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Such uncertainties are eye-watering. For example, if all the people with informal care switch, this adds £17 million to the cost. If the Government have
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underestimated the number of younger adults with needs by just 10,000 across the country, it adds £6 million. If care inflation rises faster than general inflation-at 4 per cent., for example-this would add £14 million. An arbitrary underestimate of the numbers of elderly people of just 1 per cent. adds an extra £5 million. The assumption that the relationship between care need and cost is linear-in annex A-turns out to be wrong. Again, a 1 per cent. deviation equals £6 million extra. If all these costs were realised, it would cost an extra £49 million a year. If the Bill provides a perverse incentive for care homes to redesign themselves as "extra care"-we have had some discussion about that-and that happened, it would add an extra £1 billion to the cost. Even if only 10 per cent. did so, it would still be another £100 million.

My estimates are, perhaps naturally, pretty conservative. The noble Lords Lipsey and Joffe, in their supplementary memorandum to the Green Paper, were highly critical of this measure, noting that the costs in Scotland inflated by 74 per cent.-that was equivalent to an extra £500 million in the first year. Leaving aside the potential costs of the measure, given that people will not receive transport, meals, cleaning, shopping, sitting services and so forth free of charge, will the Minister tell us the likely range of spend on such services for an individual receiving what the Government are now proclaiming as free care? On that basis, I support amendments 31 and 27, and point out that we may well wish to divide the Committee.

Mr. Dorrell: I congratulate my hon. Friend the Member for Eddisbury (Mr. O'Brien) on tabling the amendments and again on the way in which he spoke to them. Both amendments are hugely important.

Amendment 31 deals with the European convention on human rights. My hon. Friend should be specifically congratulated on reminding the Committee that the modern world is increasingly one in which the untrammelled right of law-makers to make laws that seem like a good idea on their way to the party conference podium is qualified by a series of commitments that Governments have entered into over the years to ensure that the laws of this country comply with certain basic principles. For our present purpose, the principles are set out in the European convention on human rights. According to one of them-acknowledged in the explanatory notes-it is not consistent with the convention, and therefore with good law, to discriminate between individuals on the basis of where they live. First, the Government acknowledge that that is a principle of good law because it is in the convention, to which this country is a signatory. Secondly, the explanatory notes explicitly recognise that an individual in residential care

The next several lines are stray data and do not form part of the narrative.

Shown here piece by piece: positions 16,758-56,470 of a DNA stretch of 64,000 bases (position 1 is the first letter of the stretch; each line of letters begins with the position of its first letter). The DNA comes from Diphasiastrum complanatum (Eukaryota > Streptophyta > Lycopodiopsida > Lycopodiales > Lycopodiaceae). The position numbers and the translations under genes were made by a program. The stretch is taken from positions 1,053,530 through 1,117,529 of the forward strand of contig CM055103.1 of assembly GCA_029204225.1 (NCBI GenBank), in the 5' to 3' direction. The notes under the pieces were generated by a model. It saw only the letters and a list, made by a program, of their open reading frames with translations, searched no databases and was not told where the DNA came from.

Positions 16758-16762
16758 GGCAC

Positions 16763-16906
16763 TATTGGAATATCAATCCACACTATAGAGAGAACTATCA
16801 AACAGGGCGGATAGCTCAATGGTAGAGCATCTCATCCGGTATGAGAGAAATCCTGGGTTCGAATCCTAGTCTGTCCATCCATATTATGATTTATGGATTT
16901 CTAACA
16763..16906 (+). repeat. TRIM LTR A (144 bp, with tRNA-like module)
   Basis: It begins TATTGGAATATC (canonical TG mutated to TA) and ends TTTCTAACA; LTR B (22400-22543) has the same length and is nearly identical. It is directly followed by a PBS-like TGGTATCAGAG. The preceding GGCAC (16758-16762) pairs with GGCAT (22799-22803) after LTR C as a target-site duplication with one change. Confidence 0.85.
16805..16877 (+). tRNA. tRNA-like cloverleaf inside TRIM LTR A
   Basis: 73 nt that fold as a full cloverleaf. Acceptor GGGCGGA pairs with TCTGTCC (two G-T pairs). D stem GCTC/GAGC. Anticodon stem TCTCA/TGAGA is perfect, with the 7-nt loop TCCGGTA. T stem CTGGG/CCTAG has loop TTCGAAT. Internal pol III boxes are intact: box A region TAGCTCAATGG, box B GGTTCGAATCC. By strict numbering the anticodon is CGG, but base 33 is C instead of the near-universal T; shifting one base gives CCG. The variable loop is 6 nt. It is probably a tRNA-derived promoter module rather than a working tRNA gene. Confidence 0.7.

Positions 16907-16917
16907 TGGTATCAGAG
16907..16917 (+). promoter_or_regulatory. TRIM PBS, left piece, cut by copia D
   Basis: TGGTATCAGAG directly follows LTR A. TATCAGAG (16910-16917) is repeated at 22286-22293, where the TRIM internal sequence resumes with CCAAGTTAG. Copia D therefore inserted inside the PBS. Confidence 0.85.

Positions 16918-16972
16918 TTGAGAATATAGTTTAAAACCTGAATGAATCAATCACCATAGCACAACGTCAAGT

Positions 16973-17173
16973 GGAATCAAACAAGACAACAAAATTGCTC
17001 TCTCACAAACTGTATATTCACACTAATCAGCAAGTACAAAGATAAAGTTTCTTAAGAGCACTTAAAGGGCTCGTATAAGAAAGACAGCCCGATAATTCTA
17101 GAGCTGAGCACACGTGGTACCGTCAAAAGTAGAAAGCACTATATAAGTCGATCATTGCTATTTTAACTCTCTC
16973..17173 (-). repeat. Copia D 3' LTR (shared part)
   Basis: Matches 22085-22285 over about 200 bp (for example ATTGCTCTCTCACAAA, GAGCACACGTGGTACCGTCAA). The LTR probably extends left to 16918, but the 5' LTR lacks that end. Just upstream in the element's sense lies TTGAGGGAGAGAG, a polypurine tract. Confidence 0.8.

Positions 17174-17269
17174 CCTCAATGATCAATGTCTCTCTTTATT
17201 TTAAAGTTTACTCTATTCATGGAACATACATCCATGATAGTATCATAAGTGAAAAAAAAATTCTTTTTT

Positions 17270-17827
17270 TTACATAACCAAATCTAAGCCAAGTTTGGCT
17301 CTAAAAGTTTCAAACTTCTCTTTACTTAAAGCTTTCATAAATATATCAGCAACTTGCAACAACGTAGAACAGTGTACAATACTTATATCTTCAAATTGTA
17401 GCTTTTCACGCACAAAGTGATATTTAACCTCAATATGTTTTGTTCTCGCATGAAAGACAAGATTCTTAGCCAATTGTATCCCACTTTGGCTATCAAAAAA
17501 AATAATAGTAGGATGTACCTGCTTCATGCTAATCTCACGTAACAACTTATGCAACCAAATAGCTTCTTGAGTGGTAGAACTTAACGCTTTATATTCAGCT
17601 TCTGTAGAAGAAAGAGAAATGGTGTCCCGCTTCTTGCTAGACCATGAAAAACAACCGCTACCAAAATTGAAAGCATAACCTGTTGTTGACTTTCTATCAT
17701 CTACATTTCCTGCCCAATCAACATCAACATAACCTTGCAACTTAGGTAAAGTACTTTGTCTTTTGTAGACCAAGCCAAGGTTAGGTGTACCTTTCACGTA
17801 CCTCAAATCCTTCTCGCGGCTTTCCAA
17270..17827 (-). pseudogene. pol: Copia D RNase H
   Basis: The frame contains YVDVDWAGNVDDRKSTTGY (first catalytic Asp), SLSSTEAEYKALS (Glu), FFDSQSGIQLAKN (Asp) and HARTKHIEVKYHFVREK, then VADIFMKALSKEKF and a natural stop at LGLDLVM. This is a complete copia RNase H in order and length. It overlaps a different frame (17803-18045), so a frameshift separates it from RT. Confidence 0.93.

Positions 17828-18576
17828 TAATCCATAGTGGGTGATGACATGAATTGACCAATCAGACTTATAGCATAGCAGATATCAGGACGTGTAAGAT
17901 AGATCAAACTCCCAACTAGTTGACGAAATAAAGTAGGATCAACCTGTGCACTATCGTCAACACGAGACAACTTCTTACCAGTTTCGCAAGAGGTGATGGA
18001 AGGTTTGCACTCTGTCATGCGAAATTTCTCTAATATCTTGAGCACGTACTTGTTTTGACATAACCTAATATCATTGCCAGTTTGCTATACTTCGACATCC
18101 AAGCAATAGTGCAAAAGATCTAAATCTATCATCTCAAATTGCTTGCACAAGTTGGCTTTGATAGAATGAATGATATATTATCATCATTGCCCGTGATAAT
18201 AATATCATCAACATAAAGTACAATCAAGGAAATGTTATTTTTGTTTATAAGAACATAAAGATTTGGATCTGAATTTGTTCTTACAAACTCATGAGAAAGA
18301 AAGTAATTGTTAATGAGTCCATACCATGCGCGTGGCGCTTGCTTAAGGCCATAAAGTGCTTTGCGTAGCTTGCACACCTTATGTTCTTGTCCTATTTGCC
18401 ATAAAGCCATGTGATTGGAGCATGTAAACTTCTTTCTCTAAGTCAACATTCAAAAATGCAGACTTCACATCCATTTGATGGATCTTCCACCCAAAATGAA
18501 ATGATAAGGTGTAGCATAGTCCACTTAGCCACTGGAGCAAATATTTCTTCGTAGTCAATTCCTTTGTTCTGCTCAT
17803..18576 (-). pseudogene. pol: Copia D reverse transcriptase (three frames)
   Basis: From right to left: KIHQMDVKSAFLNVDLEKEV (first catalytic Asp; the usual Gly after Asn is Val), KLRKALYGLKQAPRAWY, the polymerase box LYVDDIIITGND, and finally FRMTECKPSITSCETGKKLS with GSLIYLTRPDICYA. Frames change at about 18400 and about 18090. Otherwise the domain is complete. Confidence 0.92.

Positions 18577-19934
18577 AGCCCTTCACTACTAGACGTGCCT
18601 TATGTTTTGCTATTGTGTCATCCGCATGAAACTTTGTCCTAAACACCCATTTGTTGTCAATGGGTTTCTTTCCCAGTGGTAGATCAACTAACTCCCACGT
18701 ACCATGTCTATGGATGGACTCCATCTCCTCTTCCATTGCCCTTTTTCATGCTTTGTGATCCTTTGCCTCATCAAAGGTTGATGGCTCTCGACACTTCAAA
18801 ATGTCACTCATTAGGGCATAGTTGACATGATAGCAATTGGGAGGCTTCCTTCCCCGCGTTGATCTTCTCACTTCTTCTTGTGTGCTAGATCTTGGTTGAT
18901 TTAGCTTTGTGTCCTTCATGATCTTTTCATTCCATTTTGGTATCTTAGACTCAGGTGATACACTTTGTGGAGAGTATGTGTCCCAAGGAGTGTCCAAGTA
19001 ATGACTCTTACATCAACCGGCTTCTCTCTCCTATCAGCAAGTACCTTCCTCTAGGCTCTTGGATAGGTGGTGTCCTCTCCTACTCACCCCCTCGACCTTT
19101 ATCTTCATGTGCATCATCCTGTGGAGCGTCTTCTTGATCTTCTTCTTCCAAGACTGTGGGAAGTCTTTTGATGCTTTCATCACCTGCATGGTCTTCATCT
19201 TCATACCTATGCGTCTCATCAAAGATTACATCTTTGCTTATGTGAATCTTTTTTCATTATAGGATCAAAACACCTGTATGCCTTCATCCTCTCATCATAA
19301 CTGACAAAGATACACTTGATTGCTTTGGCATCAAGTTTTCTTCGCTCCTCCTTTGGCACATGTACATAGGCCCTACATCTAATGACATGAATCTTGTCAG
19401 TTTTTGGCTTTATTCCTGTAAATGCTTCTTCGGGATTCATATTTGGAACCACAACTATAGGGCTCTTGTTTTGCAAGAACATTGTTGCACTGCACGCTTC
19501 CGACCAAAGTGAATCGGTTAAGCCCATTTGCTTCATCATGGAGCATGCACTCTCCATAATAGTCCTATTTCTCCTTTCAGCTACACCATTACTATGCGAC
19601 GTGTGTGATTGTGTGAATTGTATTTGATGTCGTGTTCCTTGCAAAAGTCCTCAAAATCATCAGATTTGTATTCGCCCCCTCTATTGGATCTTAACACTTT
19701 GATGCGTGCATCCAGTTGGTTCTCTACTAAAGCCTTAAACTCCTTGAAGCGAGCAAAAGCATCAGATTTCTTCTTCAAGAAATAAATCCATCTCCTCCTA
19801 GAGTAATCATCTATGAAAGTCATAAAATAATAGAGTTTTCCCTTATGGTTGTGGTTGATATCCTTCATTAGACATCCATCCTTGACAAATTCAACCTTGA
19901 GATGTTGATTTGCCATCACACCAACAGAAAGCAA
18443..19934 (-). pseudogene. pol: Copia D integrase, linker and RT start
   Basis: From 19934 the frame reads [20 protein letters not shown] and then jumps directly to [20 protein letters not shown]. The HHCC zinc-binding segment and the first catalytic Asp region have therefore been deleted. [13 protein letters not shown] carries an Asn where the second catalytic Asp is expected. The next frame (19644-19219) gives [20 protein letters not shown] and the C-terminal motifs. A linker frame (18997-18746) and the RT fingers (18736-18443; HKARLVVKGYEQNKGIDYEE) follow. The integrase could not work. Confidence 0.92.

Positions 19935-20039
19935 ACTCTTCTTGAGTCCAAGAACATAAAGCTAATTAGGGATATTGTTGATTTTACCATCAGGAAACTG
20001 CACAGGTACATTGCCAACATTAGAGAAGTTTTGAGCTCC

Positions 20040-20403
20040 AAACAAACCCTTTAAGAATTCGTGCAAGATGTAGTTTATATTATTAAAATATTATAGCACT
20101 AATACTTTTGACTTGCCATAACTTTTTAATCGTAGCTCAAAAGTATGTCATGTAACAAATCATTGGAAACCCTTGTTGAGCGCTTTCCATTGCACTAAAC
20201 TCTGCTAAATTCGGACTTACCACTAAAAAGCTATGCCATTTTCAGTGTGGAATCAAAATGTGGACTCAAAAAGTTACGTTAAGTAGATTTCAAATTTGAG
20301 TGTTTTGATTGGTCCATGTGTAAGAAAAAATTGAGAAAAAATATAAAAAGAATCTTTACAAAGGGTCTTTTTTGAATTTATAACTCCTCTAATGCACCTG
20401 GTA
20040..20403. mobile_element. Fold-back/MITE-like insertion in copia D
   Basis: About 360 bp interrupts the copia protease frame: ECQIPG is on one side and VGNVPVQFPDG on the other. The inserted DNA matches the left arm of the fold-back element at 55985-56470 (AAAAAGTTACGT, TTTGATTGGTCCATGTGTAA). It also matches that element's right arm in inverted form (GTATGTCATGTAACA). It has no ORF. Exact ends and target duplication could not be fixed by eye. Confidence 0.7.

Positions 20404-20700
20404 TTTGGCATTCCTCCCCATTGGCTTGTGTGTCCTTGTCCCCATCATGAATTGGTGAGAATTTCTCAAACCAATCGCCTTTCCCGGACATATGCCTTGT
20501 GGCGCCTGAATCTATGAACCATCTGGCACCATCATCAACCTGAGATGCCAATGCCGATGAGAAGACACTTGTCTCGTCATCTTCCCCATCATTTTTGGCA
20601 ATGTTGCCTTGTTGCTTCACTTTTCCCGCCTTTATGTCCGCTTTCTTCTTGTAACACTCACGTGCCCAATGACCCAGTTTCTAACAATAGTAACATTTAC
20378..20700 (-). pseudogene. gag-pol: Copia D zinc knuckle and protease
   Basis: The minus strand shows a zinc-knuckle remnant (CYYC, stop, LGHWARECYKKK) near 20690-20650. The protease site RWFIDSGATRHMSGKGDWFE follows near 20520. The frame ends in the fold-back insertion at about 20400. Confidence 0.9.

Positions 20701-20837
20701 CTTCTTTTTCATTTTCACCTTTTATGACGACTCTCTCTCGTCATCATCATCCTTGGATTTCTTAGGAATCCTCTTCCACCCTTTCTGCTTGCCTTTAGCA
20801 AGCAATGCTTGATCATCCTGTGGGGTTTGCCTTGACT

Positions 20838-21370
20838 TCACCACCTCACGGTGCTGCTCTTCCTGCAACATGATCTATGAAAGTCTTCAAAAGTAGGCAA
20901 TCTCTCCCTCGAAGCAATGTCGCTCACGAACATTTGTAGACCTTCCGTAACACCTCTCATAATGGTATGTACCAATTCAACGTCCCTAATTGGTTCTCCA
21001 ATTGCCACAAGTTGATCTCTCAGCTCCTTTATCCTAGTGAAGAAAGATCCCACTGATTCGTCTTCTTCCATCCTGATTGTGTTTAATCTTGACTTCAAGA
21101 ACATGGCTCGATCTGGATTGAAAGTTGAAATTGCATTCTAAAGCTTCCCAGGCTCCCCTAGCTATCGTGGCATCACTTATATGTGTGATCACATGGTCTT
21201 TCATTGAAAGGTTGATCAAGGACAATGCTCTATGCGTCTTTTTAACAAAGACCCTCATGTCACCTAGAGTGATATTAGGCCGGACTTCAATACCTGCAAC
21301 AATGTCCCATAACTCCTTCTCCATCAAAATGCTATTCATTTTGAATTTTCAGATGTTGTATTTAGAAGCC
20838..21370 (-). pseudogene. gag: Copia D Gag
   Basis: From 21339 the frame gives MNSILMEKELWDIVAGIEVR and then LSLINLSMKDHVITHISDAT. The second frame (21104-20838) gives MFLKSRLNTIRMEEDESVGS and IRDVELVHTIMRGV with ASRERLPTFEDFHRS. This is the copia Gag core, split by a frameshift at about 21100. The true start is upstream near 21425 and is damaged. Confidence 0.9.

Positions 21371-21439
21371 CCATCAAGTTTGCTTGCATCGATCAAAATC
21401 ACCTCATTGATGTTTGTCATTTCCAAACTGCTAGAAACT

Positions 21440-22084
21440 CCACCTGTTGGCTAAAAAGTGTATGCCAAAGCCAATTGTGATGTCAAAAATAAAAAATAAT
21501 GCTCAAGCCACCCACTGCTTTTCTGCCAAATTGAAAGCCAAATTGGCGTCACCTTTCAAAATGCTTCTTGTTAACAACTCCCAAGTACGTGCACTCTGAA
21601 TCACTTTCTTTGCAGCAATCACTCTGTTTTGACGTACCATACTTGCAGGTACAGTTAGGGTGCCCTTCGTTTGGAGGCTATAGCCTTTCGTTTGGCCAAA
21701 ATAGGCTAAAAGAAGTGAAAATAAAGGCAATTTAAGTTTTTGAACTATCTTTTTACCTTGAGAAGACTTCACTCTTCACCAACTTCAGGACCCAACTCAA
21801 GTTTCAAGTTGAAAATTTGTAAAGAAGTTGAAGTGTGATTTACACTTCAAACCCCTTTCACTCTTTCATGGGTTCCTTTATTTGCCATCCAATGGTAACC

This is not something dreamt up by my hon. Friend; it is something that the Government recognise as a potential weakness in the Bill.

What is the Government's defence? According to the explanatory notes,

Members should note that it is acknowledged to be different treatment-

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I do not follow those two sentences. The explanatory notes state that the Department's view is that the different treatment is not discriminatory, and then state that it is discriminatory, but that the discrimination is justified

Having acknowledged that the treatment is discriminatory, the Government then say that the discrimination, despite being contrary to the ECHR, is justified because in the Department's view, or more precisely the view of the Prime Minister-I do not believe for a moment that the policy had its origins in the Department-

Let us consider what is the "legitimate aim", and whether it is, in truth, proportionate. According to paragraph 23 of the explanatory notes:

That is set out as the objective of the policy. Let us now consider how effective, according to the impact assessment, that policy will be. According to the assessment, the Government believe that 2,000 of the 277,000 people affected will switch from residential care to care at home as a result of a policy whose purpose is

The Government's proposition is that they want to delay people's entry into residential care. Their own assessment of the effectiveness of that policy is that it will stop 2,000 people entering residential care. The question for the Committee and, I suppose, ultimately for the European Court is whether the Department is right in saying that that is proportionate.